I upvoted R. Martinho Fernandes's answer because I believe it offers the clearest, most straightforward answer to the question. However I wanted to add a little code that showed a little more
<chrono> functionality and that addressed this part of the OP's question:
can I somehow at least get a count in nanoseconds of the minimum
representable time duration between ticks?
And it is impractical to put this much information into a comment. But I otherwise regard this answer as a supportive comment to R. Martinho Fernandes's answer.
First the code, and then the explanation:
template <class Clock>
typedef std::chrono::duration<double, std::nano> NS;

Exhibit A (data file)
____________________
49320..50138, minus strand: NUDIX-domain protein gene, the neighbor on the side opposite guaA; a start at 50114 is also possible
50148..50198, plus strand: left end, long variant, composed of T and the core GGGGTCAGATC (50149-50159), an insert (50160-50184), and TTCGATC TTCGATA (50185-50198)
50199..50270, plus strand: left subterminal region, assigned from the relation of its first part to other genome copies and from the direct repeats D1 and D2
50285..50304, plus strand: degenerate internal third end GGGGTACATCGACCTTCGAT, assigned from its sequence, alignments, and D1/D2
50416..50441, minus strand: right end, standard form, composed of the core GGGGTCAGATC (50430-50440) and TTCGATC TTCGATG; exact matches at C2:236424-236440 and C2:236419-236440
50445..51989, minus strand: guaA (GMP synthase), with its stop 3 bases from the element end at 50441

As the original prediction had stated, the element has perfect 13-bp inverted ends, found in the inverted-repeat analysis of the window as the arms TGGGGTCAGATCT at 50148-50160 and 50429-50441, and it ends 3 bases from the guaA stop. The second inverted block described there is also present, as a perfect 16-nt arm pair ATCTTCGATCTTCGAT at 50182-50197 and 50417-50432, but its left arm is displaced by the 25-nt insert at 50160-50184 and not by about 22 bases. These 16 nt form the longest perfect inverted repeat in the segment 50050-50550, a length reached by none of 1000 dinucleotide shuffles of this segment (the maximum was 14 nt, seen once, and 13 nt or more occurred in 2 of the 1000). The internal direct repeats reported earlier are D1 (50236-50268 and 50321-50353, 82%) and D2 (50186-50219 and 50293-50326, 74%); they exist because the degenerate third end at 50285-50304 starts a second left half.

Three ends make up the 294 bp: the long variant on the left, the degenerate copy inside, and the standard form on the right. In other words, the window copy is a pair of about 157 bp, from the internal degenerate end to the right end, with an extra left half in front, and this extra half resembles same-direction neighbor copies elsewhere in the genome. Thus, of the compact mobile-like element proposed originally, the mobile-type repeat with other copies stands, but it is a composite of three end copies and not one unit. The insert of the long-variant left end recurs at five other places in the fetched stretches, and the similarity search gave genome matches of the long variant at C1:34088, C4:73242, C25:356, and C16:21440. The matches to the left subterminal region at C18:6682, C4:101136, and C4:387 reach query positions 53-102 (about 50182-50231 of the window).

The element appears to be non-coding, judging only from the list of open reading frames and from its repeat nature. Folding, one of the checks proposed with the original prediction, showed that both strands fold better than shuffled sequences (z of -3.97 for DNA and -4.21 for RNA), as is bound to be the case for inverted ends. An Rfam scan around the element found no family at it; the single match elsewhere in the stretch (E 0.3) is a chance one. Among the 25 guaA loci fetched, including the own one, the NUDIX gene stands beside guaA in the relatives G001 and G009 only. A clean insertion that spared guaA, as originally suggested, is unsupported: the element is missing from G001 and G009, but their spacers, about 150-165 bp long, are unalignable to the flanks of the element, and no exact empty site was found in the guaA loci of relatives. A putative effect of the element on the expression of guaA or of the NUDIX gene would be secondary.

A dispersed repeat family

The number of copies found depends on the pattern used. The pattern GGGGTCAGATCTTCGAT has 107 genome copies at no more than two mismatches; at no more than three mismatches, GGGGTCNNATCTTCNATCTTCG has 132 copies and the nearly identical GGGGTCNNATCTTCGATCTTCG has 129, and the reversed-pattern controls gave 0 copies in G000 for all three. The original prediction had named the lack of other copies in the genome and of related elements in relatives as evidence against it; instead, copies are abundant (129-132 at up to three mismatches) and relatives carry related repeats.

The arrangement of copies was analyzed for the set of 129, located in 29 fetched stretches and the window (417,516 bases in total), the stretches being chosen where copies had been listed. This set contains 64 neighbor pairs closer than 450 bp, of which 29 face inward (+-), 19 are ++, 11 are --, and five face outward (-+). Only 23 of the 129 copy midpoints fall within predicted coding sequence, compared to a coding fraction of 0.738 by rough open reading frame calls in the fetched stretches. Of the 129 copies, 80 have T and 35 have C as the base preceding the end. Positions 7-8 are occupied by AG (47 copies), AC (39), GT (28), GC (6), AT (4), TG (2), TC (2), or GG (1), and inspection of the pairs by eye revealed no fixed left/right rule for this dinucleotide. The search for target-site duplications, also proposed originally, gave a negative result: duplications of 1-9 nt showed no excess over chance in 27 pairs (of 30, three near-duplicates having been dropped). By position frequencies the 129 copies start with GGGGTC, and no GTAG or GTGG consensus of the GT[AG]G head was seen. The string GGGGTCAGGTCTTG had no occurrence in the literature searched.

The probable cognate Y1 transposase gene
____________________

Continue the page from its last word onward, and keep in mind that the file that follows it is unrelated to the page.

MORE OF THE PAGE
NS ns = typename Clock::duration(1);
std::cout << ns.count() << " ns\n";
First I created a
nanosecond that is using a
double as the representation (
NS). I used
double just in case I needed to show fractions of a nanosecond (e.g.
Next, every clock has a nested type named
duration. This is a
chrono::duration that will have the same
std::ratio, and thus the same
den as pointed out in R. Martinho Fernandes's answer. One of those
durations, converted to
NS will give us how many nanoseconds in one clock tick of
Clock. And that value can be extracted from the
duration with the
count() member function.
For me this program prints out: